People v. Murderer

Motion In Limine to Exclude Prosecution's Gang Cop Testimony and Gang Evidence


While still a student, I "sat second chair" on a special circumstances murder case. My job was to keep out prejudicial gang evidence. Along the way, I wrote and argued several motions, conducted an Evidence Code section 402 hearing, cross-examined police officers and generally made a pest of myself before the court.

Winning this motion proved the truth of something a long-time attorney recently told me about the difference between practicing in the 1970s versus practicing today: You can still win motions to exclude certain kinds of evidence, when doing so doesn't really hurt the prosecution.

This was a successful motion to exclude gang evidence from a murder trial that involved no gang charges. When a prosecution witness did not testify exactly the way the prosecutor expected, the prosecutor wished to put on a gang cop to tell the jury that the reason was his fear of gangs. (The defendant, who killed his girlfriend, was a member of the same gang as the witness.) The witness, however, testified that his prior testimony was the result of threats from the PROSECUTION.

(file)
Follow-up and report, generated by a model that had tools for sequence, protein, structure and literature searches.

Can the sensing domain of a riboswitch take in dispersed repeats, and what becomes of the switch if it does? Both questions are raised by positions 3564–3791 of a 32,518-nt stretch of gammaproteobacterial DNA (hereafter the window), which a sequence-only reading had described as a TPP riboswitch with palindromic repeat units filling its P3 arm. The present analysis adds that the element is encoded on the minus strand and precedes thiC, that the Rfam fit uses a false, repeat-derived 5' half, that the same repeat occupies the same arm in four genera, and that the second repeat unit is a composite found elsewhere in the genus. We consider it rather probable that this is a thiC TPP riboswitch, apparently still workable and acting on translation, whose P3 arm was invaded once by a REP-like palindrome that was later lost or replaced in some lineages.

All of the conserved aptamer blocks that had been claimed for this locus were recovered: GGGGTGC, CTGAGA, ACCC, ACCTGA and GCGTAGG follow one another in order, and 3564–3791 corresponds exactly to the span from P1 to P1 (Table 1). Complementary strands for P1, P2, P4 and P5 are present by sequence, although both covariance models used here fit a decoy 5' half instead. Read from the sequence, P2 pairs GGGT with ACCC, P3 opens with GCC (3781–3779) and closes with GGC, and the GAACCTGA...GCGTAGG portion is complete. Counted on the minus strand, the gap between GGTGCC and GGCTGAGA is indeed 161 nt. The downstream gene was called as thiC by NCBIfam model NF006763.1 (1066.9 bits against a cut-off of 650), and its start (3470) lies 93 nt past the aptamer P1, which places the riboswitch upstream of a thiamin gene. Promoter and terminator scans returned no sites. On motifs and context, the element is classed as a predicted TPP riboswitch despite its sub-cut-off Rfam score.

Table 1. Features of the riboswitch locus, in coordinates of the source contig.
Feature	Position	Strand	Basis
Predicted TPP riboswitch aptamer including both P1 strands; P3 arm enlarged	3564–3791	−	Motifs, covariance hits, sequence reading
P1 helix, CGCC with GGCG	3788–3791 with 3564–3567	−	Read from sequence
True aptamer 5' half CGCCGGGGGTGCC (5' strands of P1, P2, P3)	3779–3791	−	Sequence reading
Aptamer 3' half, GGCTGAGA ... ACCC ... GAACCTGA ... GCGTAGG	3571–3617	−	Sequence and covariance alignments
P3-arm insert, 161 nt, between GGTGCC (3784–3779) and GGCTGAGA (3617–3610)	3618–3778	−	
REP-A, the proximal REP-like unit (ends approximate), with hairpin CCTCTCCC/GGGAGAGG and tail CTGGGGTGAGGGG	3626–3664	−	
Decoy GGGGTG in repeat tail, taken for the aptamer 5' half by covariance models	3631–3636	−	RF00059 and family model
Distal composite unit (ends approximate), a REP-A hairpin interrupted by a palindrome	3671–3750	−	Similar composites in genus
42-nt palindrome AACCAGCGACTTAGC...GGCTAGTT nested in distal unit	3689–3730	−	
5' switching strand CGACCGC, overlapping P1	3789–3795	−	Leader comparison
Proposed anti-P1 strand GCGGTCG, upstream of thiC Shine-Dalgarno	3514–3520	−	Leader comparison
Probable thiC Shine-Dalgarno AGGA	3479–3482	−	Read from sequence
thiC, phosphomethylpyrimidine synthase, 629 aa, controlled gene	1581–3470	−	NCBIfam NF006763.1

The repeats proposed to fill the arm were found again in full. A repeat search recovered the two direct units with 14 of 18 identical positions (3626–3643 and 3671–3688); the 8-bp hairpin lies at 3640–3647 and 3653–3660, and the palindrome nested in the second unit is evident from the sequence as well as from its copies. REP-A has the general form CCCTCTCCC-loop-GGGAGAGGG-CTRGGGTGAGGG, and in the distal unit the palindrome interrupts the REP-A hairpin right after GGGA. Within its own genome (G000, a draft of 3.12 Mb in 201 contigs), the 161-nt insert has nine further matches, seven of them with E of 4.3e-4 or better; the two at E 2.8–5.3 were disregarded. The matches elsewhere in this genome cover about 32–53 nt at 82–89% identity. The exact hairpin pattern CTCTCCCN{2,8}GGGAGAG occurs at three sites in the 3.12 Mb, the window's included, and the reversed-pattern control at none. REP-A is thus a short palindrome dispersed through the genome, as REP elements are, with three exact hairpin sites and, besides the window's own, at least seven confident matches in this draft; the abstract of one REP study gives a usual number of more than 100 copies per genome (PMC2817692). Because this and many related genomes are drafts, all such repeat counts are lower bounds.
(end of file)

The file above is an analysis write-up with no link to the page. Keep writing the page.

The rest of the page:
I'd like to think the court succumbed to the irrefragable logic of my argument. In fact, the same court routinely allows gang cops to chip away at the Constitution and chirp all day concerning unreliable hearsay about gangs. So I don't think that was it.

Under California Evidence Code section 352, evidence should be excluded if it is more prejudicial than probative, or if, among other things, it might result in the undue consumption of time.

So more likely my 46-page brief and my one-hour-plus verbal argument convinced the court of the truth of one of my arguments: that allowing gang evidence in this case, which was not about gangs at all and contained no gang allegations or enhancements, would run afoul of California Evidence Code section 352.

To protect client identity, my information, rather than the actual attorney's, appears on the posted briefs. Besides: I wrote it!

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Reference Info:State, 9th Circuit, California | United States

DISCLAIMER: Because of the generality of this update, the information provided herein may not be applicable in all situations and should not be acted upon without specific legal advice based on particular situations.

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